Ailing schools could be saved through pairing up with successful neighbours say radical allies of the chief inspector. Chris Bunting reports
A NEW teachers' union set up by supporters of chief inspector Chris Woodhead is testing a radical plan to merge successful schools with struggling neighbours.
Leading members of Primary Plus, which broke away from the National Association of Head Teachers last year, believe current solutions to school failure are inadequate.
Jim Hudson, executive president of the 500-member union and head of Two Mile Ash school, Milton Keynes, said the typical local authority response of putting extra advisory support into failing schools was just "more of the same".
"It is probably the least effective strategy to adopt in trying to turn a failing school around," he said.
Mr Hudson criticised the use of sending temporary "associate heads" from successful schools into failing neighbours.
"We have to ask serious questions as to whether it is reasonable to expect such a calamitous position to be rectified by the introduction of just one new player."
Instead, he believes successful schools should have a central role in school improvement, and in a radical manifesto, The Catalyst for Change, he calls for them partially to merge with failing neighbours.
Jean Heslop, head of Cliffe Hill junior and infants in Calderdale and a member of Primary Plus's executive board, is taking the first steps towards putting Mr Hudson's vision into practice.
Mixenden junior and infant school in Halifax - which has been on special measures for more than two years - is joining up with Cliffe Hill, which has been praised by the Office for Standards in Education.
The new partnership is not as radical as Mr Hudson's scheme which calls fora unified management under a single head, the virtual takeover of a failing school's governing body by its successful neighbour and for all advisory-support funding to be devolved to the new regime.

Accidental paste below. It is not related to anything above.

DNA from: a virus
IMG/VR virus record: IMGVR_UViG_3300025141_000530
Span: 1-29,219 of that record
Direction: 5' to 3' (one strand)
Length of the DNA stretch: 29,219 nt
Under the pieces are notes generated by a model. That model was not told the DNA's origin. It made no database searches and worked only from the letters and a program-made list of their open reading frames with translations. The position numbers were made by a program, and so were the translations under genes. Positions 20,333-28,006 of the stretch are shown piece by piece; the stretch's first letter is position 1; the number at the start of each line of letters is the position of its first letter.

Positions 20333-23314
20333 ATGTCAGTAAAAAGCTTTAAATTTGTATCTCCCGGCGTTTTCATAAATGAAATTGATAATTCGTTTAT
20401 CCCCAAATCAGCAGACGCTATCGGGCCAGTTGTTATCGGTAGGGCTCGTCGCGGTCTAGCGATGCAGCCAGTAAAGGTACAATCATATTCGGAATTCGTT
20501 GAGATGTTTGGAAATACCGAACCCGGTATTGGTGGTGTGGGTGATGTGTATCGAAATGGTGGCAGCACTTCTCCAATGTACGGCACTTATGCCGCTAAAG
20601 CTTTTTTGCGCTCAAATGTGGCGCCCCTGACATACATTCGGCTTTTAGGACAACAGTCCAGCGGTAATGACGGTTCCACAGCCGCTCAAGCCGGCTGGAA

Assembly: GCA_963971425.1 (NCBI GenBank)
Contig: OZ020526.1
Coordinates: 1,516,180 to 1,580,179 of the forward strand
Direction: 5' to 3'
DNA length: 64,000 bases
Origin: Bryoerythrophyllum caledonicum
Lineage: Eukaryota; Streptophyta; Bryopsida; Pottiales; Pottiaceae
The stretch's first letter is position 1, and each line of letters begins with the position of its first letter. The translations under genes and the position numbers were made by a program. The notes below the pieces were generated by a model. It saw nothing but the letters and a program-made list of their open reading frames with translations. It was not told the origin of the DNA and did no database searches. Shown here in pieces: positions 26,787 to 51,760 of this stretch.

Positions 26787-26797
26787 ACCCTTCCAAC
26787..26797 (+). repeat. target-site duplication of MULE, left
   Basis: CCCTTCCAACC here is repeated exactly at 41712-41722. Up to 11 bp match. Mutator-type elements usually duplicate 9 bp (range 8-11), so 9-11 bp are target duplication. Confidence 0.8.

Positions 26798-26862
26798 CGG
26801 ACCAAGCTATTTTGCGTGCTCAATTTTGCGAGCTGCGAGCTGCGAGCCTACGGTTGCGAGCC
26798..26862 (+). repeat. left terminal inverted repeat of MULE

Instead the Calderdale partnership does not interfere with the failing school's governors and leaves LEA funding unchanged.
The local authority, although generally supportive, has insisted that each school formally appoint a separate head. Although Mrs Heslop is in practice overseeing both schools, she has formally moved to Mixenden and an acting head has been appointed at her old school.
But Mrs Heslop said:"This method provides not just one individual but a whole successful institution to work over a longer term with the school."
Working groups have been set up, bringing together the teachers of the two schools, and training is done jointly. Planning meetings pool the best practice from both schools and the partnership is about to introduce a computerised pupil-assessment system.
Staff currently work only in their original school, but Mrs Heslop looked forward to job swaps when the merger beds down. Eventually, she sees governors from each school moving onto each other's boards.
However, Anne Collins, Calderdale's senior primary adviser, said: "This is in the early stages. Any partnership will have to be very tentative and gradual." She added that the local authority had no plans to merge the schools' budgets, governors or heads.
Primary Plus was the result of a rebellion against the NAHT's atttitude to allegations about Mr Woodhead and a former pupil. The heads' union had complained to the Director of Public Prosecutions about the chief inspector.
Primary Plus's members include heads, deputy heads, teachers and teaching assistants.